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I have a process, similar to tineye that generates perceptual hashes, these are 32bit ints.

I intend to store these in a sql database (maybe a nosql db) in the future

However, I'm stumped at how I would be able to retrieve records based on the similarity of hashes.

Any Ideas?

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Probably going to need more information: are you considering the Hamming distance of the binary representations, or something else? –  nickgrim Mar 16 '12 at 15:27
I'll be considering the hamming distance of the hash I have from the image, to the hashes stored in the database –  oPless Apr 17 '12 at 17:19
What I meant was: unless I'm misunderstanding, Hamming distance is a property of a pair of strings, and you've got ints. How are you stringifying your ints - 32 1s and 0s, or some other way? –  nickgrim Apr 17 '12 at 17:40
You're confusing the terminology of maths with the string type. A integer can be seen as a list of '0' and '1' elements. A 'string' type is just a list of bytes (let's not get into DBCS and unicode). –  oPless May 15 '12 at 0:56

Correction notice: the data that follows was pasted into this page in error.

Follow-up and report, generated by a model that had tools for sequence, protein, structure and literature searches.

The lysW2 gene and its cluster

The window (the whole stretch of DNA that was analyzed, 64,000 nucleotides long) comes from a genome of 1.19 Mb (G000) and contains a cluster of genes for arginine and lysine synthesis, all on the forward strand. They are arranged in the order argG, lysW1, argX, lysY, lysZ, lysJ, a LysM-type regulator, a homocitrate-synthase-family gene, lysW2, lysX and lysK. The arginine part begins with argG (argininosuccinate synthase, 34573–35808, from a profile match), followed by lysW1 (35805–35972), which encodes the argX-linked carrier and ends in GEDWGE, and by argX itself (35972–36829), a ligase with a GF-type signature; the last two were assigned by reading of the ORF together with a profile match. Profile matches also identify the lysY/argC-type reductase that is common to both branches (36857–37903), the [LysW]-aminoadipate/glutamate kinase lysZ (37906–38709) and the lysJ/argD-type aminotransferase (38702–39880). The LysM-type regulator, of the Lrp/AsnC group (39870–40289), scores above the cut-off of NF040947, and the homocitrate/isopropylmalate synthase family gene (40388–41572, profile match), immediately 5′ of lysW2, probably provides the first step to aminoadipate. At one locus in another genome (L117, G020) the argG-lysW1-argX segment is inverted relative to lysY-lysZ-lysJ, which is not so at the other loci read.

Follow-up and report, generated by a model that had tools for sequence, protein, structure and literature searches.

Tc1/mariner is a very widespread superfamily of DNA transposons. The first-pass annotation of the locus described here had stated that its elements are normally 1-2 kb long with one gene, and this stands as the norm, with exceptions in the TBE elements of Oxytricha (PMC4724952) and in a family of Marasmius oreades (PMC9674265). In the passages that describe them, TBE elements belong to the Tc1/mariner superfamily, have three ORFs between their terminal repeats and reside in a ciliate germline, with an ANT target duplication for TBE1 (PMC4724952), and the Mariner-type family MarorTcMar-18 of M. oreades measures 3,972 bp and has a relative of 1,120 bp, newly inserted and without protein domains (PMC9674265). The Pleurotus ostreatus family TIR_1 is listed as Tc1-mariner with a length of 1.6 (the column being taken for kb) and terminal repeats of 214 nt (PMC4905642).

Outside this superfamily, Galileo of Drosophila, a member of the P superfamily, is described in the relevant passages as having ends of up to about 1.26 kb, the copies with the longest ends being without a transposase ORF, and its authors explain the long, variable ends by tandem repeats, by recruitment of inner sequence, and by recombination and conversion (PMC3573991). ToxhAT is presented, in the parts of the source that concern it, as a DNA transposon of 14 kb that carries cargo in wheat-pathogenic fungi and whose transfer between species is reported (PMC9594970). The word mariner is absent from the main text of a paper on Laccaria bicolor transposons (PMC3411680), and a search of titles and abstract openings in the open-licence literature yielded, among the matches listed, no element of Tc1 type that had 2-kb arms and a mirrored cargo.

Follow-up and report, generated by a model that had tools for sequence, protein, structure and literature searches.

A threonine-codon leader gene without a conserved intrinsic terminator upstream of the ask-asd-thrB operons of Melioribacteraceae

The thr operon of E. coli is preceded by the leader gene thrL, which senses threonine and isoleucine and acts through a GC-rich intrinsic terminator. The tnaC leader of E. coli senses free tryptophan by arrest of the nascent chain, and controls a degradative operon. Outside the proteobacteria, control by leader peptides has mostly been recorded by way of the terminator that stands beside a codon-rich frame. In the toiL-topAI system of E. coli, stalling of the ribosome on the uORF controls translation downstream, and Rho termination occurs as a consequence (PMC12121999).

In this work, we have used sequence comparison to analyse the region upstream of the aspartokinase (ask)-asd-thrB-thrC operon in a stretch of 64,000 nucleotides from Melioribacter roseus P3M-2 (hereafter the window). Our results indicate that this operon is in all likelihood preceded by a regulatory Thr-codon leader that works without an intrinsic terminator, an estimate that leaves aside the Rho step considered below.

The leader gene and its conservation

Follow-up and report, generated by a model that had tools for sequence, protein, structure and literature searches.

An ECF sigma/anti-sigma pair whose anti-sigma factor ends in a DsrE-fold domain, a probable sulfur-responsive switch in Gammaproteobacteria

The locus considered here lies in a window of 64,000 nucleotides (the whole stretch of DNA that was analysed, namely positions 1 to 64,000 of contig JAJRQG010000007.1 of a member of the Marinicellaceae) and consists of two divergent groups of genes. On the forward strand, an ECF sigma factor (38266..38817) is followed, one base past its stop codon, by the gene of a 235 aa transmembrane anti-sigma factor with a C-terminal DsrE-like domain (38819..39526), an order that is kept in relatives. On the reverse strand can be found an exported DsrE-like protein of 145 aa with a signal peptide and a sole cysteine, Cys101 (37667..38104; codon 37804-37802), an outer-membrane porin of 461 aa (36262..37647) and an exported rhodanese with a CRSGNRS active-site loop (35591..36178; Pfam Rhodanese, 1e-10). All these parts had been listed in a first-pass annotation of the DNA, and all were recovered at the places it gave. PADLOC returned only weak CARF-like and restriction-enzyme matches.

2 Answers 2

up vote 1 down vote accepted

To find hamming distance, you can just use bitwise addition and subtraction (& and ~ on the integers) in order to compute these.

SQL isn't made for this sort of processing. The comparisons on large data sets get very messy, and will not have the speed of a query that utilizes the strength of the system. That said, I've done similar things.

This will give you individual differences, which would need to be run on the full data set and ordered, which is messy at best. If you want it to run faster, you will need to use strategies like indexing by "region," or finding natural groupings in your data. There are umbrella clustering strategies, and similar - there is a lot of literature. It will, however, be messy in most traditional Database systems.

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As you can see from the related questions and answers, the suggestions are almost all not using databases. –  David Manheim Jun 22 '12 at 15:24
Yes, I wonder how the likes of tineye and google do their searches (assuming they use perceptual hashes). –  oPless Aug 1 '12 at 16:15

David's discussion is correct, but if you don't have a lot of data, check out Hamming distance on binary strings in SQL

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